Homily for the 4th Sunday of Advent Year C (4)

children of God

Homily for the 4th Sunday of Advent Year C


By: Fr. Gerald Musa


Homily for Sunday December 19 2021

During war, an army chaplain was going round a hospital to visit wounded soldiers. The chaplain came to the bedside of a young soldier and offered to read a Bible passage, but the young soldier complained of cold. The chaplain took off his coat and wrapped it around the wounded soldier. Afterward, the young soldier asked for a drink, and the chaplain helped him to sit up and helped put the water bottle on the soldier’s lips. After, the soldier drank the water there was a few minutes of silence. The chaplain asked again, if he could read a passage from the Bible. The young soldier responded, “If there is any passage in the Bible that made you show me so much love and care, please read it for me.” When our actions reflect the teaching of the Bible, this is the kind of positive response we get from the people we meet.

The season of Christmas is a season of visitation. It is a time of reunion and a time when we visit our families and friends and it is a time to remember special people who played significant roles in our lives. More still, during this season, we identify with people who are lonely – especially the bereaved, prisoners, those who are homebound, orphans, lonely children, elderly people, the sick, and all those people on the margin of our society. There are times when we are in dire need of someone with whom we can share our sorrows, joys, confusions, fears, and anxieties. We carefully search for people we can confide in, people who will not judge us, who will not mock or ridicule us, but people who can cheer us up, encourage us, understand our perspectives and provide us with new insights. No doubt, Mary found these rare qualities and virtues in her cousin Elizabeth.

Christmas is a time to express our sensitivity and kindness towards the needy. Our exchange of material gifts is important, but what counts, even more, is the time we can spend with the needy who need our visit most. In the Letter to the Hebrews, we see the raison d’être for our Christmas Joy – It is a commemoration of God’s visit into our world in the person of Jesus (Hebrews 10:5). This season of Christmas calls us to open our hearts and homes to welcome Christ who comes to us with a special gift of Peace, Joy, and many blessings.

At Christmas, we remember the birth of a newborn child- Jesus who chose to be born in the little town of Bethlehem and not in the famous and more advanced city of Jerusalem. Long before the coming of Jesus into the world, the Prophet Micah predicted that from the little town of Bethlehem, a Saviour would emerge. He says “You, O Bethlehem Ephrathah (Fruitful Bethlehem), who are little to be among the clans of Judah, from you shall come forth for me one who is to be a ruler of Israel, whose origin is from old, from ancient days” (Micah 5:2). Bethlehem, an insignificant town has been transformed into prominence and has come to be a reference point in history.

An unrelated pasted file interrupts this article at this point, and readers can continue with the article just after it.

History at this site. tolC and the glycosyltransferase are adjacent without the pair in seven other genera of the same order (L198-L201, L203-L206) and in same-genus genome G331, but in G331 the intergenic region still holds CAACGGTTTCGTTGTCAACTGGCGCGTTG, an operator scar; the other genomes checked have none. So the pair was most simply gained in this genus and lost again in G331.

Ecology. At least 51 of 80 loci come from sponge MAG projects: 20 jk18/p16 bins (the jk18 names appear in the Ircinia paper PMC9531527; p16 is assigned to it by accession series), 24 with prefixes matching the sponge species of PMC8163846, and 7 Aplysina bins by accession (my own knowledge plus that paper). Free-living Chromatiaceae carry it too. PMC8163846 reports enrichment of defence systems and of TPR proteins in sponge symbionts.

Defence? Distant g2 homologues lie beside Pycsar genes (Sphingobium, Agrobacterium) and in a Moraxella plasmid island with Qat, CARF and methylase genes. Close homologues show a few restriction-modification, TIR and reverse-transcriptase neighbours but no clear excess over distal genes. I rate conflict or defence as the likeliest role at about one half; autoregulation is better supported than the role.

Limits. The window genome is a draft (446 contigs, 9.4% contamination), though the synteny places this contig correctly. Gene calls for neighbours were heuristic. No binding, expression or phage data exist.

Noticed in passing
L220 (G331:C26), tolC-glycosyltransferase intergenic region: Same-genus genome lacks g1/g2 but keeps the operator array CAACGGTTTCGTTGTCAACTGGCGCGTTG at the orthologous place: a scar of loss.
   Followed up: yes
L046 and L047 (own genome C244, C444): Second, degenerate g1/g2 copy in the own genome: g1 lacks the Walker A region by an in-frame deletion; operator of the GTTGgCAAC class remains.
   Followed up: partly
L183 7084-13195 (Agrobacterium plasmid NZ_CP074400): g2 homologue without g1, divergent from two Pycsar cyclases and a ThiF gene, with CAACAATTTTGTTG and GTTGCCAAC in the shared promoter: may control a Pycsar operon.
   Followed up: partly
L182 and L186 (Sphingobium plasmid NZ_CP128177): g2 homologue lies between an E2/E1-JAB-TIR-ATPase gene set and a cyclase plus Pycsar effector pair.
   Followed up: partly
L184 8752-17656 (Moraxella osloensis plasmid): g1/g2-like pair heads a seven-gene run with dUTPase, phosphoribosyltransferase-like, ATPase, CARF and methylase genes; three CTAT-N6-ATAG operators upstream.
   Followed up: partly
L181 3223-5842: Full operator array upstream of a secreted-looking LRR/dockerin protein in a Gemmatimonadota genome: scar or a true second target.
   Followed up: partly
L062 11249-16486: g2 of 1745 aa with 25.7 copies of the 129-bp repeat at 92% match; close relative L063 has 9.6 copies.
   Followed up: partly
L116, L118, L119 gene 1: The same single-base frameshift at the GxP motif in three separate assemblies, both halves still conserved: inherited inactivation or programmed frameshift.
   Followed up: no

Likewise, Mary and Elizabeth who were two obscure women were brought to the limelight because of the greatness of their children. These women came together to share their joy and to thank God for his great work in their lives. They came together at a time when they were carrying two prominent children in their wombs. These children (John and Jesus) were sent to change the course of history. John had the task of heralding the coming of Jesus and Jesus was to usher in a new era in human history, setting a new foundation for mankind, charting a new course in the relationship between people and God, and redefining religion.

These expectant mothers – Elizabeth and Mary were waiting for the promise of God to be fulfilled in their lives. In their story, we can sense the virtues of humility and ardent faith shining. There is yet another virtue that we cannot ignore in the story of Mary and Elizabeth, and that is the virtue of visitation. Mary took time to visit her cousin Elizabeth shortly after the angel announced to her that she was going to be the mother of the Messiah. The angel informed her cousin Elizabeth was already six months pregnant. Immediately, Mary traveled to Hebron, the hill country of Judah to rejoice with Elizabeth. Remarkably, Mary’s visit was not a short and quick one because she stayed with Elizabeth for three months.

During the period of the visit, these two cousins must have shared their profound experiences on the work of God in their lives. Mary, who had been pondering on the message of the Angel, needed someone with whom to share her thoughts and emotions. She needed someone who could understand her story and someone who had an in-depth knowledge of God’s strange ways. Also, she needed to share her joy with someone special to her, and no other person came to her mind other than Elizabeth. The prophetic words of Elizabeth show that she was a woman who was in touch with the working of the Holy Spirit. She repeated the words of the Angel to Mary: “Blessed are you.” Let these words of Elizabeth continue to echo in our hearts, let us remember always that we too are blessed to have a Saviour Jesus Christ who came to save us. Let us take time during the festivities to visit people the needy, the lonely, the sick, and those living with poverty and demonstrate the love of God to them.

Fourth Sunday of Advent Year C; Micah 5:1-4a; Hebrews 10:5-10; Luke 1:39-45

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